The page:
Storm Window Energy Efficiency
October 10, 2010
Depending on your climate, installing storm windows may be the most effective defense against the forces of weather. Even in milder climates, some homeowners install storm windows as replacement windows when their existing frames and glass wear out. Storm windows energy efficiency and durability can help reduce spiraling utility bills while providing security for your investment. What makes storm windows a good choice?
Storm Windows and Energy Efficiency
Energy efficiency in a window product is measured by how the material stands up to wind, exterior temperatures, outside noise, solar rays, and how well it retains the desired temperatures inside your home. Simply adding storm windows above old and leaky single-paned windows will even have a positive effect on energy conservation. But the best solution is to install storm windows that come outfitted with low-E coatings and panels that resist damage from weather and would-be intruders.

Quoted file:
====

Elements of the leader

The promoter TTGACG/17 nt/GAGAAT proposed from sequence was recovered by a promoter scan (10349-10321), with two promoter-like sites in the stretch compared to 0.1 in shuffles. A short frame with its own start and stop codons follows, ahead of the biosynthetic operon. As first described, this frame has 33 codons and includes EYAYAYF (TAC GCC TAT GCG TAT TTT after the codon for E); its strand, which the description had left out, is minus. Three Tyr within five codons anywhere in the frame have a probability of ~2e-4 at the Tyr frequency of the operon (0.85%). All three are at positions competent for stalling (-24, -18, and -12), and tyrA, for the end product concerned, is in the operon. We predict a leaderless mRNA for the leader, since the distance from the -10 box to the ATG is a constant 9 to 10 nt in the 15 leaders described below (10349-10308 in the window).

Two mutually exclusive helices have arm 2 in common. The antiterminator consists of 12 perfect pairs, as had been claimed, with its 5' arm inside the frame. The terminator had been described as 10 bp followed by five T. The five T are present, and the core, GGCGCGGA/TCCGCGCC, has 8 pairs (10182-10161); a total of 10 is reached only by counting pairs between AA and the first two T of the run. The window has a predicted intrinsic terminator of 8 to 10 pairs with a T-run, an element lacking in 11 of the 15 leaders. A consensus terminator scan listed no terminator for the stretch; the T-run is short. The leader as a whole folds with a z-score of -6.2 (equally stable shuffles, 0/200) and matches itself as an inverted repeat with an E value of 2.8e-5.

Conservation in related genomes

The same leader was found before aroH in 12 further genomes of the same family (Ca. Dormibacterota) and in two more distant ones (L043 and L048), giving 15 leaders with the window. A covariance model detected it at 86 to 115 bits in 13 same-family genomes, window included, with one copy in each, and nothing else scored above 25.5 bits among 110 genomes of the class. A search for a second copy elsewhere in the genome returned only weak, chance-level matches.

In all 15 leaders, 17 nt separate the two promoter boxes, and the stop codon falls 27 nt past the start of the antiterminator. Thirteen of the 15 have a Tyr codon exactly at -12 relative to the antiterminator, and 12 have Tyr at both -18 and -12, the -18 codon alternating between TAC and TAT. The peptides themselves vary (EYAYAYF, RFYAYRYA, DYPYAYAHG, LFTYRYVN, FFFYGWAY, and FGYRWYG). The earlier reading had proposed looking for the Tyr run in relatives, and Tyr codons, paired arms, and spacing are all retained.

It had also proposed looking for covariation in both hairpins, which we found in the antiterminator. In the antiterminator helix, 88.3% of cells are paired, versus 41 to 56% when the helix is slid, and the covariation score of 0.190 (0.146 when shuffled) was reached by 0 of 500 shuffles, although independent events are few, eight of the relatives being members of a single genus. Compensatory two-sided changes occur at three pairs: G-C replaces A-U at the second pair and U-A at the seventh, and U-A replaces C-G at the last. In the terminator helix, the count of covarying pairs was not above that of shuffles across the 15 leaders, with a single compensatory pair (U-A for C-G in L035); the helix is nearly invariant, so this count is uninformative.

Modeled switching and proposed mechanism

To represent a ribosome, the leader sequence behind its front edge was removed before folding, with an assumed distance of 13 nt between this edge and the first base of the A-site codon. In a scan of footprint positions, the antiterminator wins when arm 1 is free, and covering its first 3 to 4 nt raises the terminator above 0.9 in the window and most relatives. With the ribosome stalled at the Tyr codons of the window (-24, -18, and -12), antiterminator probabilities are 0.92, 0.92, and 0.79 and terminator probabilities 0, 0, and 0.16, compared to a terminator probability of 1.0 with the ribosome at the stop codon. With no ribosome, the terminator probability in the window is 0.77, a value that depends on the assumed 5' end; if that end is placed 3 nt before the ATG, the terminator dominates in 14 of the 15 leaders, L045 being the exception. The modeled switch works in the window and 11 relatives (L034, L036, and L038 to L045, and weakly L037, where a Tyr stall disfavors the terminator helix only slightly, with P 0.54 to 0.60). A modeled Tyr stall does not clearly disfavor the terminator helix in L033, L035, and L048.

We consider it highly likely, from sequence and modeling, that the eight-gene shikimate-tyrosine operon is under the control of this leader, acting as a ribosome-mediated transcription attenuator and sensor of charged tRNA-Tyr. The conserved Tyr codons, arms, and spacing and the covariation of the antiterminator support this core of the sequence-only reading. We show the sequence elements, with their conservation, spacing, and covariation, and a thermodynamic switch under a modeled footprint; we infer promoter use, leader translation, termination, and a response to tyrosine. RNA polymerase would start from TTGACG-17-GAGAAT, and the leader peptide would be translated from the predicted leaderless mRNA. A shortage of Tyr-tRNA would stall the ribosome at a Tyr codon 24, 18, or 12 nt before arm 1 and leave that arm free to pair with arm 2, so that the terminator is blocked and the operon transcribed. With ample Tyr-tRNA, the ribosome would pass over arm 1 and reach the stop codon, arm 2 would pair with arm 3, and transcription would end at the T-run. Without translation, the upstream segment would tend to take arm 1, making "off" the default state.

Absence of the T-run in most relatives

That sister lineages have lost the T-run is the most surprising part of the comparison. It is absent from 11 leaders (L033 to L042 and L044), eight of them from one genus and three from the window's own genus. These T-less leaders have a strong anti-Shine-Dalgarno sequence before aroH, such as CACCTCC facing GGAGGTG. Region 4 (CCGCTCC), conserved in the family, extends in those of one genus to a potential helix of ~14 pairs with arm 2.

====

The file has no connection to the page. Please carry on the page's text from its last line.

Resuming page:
Storm windows energy efficiency goes up with pyrolytic low-E coatings that increase performance and durability. Low-E coatings can almost double the energy savings in winter over clear storm windows. Mid-range priced storm windows can block solar heat gain from raising energy costs in the summer, and add thermal resistance to the loss of internal heat in winter.
Choosing Storm Windows
You'll have to decide whether to install interior or exterior storm windows. Interior storm windows require less maintenance since they're not exposed to outdoor conditions. But no matter your selection, the installation and fit of storm windows must be square and sealed properly if you hope to prevent moisture and energy leaks.